The Internet boom and Y2K crisis sparked equipment-buying frenzies that left many companies with bloated technology departments. Analysts estimate that gear in corporate data centers typically is being used at only 15% to 30% of its capacity.
Now, Hewlett-Packard Co. is spinning out innovations aimed at solving the problem. The cornerstone of HP's strategy is its Utility Data Center. Hatched in late 2001, it combines hardware and software to "virtualize," or pool, computing resources scattered throughout a company. Using HP's OpenView network-management software -- a sort of command console for computer networks -- staffers can shift around computing capacity with a mouse-click. "Instead of thousands of computers, you've got one big pool of computing power," says Nick van der Zweep, HP's director of utility computing.
The HP offering is part of a larger shift in the tech industry to utility computing. The idea behind utility computing is that corporations should be able to buy computing power like electricity, with no technical hassles or upfront costs. IBM may be the most aggressive in pursuing the idea. But HP has the early lead in a few niches, such as virtualization technology. "HP is slightly ahead of IBM in this game," says Forrester Research (FORR) Inc. analyst Frank E. Gillett.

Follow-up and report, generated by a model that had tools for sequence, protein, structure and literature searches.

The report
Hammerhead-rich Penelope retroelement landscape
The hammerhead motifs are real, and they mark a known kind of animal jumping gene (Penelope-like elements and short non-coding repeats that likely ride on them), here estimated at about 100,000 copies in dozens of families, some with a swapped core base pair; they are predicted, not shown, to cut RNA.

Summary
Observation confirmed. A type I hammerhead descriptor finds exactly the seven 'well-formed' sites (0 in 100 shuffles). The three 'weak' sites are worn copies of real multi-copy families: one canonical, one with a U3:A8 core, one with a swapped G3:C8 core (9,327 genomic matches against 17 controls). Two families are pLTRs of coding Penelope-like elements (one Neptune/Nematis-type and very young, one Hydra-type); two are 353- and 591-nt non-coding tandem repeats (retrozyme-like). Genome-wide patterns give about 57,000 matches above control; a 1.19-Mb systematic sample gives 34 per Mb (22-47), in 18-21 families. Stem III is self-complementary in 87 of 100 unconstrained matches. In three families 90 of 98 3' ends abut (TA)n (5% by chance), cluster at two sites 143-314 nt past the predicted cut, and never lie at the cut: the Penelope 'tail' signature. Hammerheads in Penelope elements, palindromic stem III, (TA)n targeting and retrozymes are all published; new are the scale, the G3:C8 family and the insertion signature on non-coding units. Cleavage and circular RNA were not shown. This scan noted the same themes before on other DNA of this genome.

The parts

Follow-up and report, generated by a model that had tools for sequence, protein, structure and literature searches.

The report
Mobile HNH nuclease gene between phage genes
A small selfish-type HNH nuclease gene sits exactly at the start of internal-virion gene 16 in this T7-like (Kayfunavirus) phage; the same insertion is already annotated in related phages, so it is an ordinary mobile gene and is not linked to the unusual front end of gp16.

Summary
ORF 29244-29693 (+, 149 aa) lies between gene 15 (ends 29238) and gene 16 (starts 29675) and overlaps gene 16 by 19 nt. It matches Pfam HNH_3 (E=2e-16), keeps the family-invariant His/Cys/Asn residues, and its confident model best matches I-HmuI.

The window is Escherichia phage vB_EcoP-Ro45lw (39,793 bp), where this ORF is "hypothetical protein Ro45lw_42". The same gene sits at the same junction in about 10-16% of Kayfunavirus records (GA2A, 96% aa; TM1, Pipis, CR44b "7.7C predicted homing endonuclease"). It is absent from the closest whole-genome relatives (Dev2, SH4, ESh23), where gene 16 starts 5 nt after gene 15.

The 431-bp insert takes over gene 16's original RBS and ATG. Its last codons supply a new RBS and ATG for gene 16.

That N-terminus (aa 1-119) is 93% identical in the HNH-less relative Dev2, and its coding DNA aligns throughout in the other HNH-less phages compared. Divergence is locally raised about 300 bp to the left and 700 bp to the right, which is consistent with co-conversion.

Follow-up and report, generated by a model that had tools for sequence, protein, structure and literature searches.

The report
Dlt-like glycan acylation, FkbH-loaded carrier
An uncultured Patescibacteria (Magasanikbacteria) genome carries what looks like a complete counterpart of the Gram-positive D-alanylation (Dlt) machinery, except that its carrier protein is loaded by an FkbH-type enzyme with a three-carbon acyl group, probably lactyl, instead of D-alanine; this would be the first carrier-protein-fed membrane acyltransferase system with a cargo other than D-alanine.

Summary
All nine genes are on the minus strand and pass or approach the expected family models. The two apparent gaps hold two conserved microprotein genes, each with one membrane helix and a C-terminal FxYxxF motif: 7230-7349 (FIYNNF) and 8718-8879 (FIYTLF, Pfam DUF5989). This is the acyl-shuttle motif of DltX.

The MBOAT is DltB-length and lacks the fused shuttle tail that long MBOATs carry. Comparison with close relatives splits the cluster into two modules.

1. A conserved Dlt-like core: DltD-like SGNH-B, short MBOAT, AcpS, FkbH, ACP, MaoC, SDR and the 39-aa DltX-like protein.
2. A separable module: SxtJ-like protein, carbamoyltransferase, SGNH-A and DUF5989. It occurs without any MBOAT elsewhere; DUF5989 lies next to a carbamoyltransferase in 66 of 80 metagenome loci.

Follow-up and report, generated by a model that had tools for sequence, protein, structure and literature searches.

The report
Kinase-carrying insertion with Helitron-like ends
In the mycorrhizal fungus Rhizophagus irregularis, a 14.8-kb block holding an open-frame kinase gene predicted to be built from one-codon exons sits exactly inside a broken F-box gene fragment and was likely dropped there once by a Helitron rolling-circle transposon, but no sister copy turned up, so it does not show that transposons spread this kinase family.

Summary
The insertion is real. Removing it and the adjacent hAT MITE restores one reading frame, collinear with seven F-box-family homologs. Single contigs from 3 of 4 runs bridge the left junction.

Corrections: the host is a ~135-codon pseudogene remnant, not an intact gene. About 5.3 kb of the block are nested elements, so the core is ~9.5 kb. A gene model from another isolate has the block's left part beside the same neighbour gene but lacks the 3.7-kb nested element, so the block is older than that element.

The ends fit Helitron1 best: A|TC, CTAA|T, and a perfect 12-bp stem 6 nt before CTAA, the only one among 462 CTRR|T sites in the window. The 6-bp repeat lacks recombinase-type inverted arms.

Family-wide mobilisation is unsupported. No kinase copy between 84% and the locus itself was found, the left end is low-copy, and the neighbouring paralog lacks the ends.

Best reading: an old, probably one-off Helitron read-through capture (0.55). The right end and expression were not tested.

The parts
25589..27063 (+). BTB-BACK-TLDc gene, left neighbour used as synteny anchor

HP also is persuading some companies to pay for computing power with a monthly bill, instead of all at once. Consider Wells' Dairy Inc., a Le Mars (Iowa) ice cream maker. Once, it used two servers to forecast ice cream demand. Now, Wells' is paying HP for computing power on one new server as it needs it. Kim Norby, Wells' vice-president for information systems, says that if the approach works, "it's something we'll take more advantage of."
HP is adding other utility-type features to win over more companies. Later this year, it plans to introduce new technology that lets its biggest customers pool and manage storage resources. And in the coming year, HP will roll out new virtual services that will allow customers to automatically set up a server, instead of manually rigging each machine. Such innovations are what HP needs to persuade corporations to step into its virtual world. By Ben Elgin in San Mateo, Calif.